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Cabarrus Events Association has lost Kannapolis Christmas parade to Smith Family Baseball

By Emily Ford
eford@salisburypost.com
KANNAPOLIS ó The group that has run the Kannapolis Christmas parade since 1999 says the city and a minor league baseball team have bitten off more than they can chew by taking over the popular yuletide event.
“They have no … idea,” said John Howard, vice president of the Cabarrus Events Association. “I don’t think they understand what they have taken on.”
Kannapolis City Council voted 4-3 Monday to let Smith Family Baseball, which owns the Kannapolis Intimidators, manage the parade. Roger Haas, Gene McCombs and Darrell Hinnant voted no.
After council informally agreed last month to the new arrangement, the events association complained and made a presentation, even offering to organize the parade for free.
In the past, the city has paid the group $5,000.
Smith Family Baseball will manage the parade for free and will turn over any profit to the city.
The parade lost about $4,000 last year, with revenue of $14,517 and expenses of $18,426. But in previous years, the parade has turned a profit of as much as $9,800.
If the parade doesn’t make money this year, Smith Family Baseball will subsidize the event, city manager Mike Legg said.
Howard and Brenda Drye, executive director and the only paid employee of the Cabarrus Events Association, said they were stunned and hurt to learn from a newspaper article last month that the city was giving the parade to Smith Family Baseball.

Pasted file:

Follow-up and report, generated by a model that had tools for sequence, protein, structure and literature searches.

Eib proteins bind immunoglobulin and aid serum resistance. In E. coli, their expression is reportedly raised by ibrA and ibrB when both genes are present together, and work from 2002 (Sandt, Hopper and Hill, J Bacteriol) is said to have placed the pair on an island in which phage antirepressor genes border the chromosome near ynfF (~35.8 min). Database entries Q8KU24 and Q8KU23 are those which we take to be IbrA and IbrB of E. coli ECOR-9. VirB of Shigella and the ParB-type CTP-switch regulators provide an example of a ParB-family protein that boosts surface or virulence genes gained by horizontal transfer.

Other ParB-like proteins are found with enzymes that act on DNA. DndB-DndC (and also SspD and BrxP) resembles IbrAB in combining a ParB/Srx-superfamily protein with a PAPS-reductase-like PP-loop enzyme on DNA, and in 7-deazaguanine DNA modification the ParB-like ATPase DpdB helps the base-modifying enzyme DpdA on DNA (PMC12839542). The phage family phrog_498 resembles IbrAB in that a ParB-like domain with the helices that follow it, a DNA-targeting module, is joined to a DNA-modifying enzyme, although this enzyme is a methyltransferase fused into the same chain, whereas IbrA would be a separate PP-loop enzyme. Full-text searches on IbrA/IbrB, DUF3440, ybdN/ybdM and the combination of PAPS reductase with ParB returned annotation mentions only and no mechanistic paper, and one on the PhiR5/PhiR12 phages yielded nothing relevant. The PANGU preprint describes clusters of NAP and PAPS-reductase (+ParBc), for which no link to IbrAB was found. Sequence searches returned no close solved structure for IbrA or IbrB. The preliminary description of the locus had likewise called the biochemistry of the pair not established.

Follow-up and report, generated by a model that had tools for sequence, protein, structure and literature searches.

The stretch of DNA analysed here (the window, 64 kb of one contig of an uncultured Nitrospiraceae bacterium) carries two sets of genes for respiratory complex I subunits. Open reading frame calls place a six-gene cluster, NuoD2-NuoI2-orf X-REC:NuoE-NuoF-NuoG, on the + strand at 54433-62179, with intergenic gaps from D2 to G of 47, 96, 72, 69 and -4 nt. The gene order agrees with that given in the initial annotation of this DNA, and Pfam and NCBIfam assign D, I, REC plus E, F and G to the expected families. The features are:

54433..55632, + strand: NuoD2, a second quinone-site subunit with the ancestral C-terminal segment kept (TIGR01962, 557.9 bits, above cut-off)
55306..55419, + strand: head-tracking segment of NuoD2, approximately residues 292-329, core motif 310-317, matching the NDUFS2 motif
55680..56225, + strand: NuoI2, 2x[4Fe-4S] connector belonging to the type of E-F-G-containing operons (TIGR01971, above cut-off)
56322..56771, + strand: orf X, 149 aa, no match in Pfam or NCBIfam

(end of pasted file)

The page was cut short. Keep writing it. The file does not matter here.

The Chamber of Commerce created the Cabarrus Events Association specifically to manage Christmas parades in Kannapolis and Concord, Howard said.
The city “doesn’t have the authority to give it to someone else,” he said.
Legg said the city issues a permit for the event, giving it the power to “dictate most of what occurs.”
The events association already had a date set and entries for the parade, as well as a sponsor, CMC-Northeast, Drye said. The group had a verbal agreement from Legg to manage the parade, she said.The parade has been organized by a multitude of groups over the past 76 years, Legg said.
Smith Family Baseball, which puts on more than 100 events a year, is qualified to run the parade, said vice president Tim Mueller, who co-chaired the city’s centennial committee.
“The parade has a long tradition and a wonderful history,” Mueller said. “We will inject some ideas and some great additions, but when all is said and done, this is not going to be my parade or the Kannapolis Intimidators’ parade, it’s going to be the city’s parade.”
The team will hold the parade in the afternoon, which will attract more marching bands and entrants, Legg said.
Some council members were concerned that the events association dictated the parade date based on the availability of professional floats and held it at night, when they felt it was less safe.
Smith Family Baseball approached the city unsolicited, Legg said.
But in the end, the decision to sign the agreement with the Intimidators “was more about having a partner that has a strong and developing relationship with the city,” Legg said.
He said the city will “scrutinize the way it’s managed.”
Howard said a dispute over another event his group managed, the Village Fest, caused the city to give the parade to the baseball team.
Legg disagreed.
Currently, there are no plans for a spring festival next year, and $5,000 in the city budget earmarked for the Cabarrus Events Association will go unspent, Legg said.
“The last thing I want to do is get into the parade business,” said council member Hinnant, who voted against the agreement. “And I think that’s where this might be headed.”

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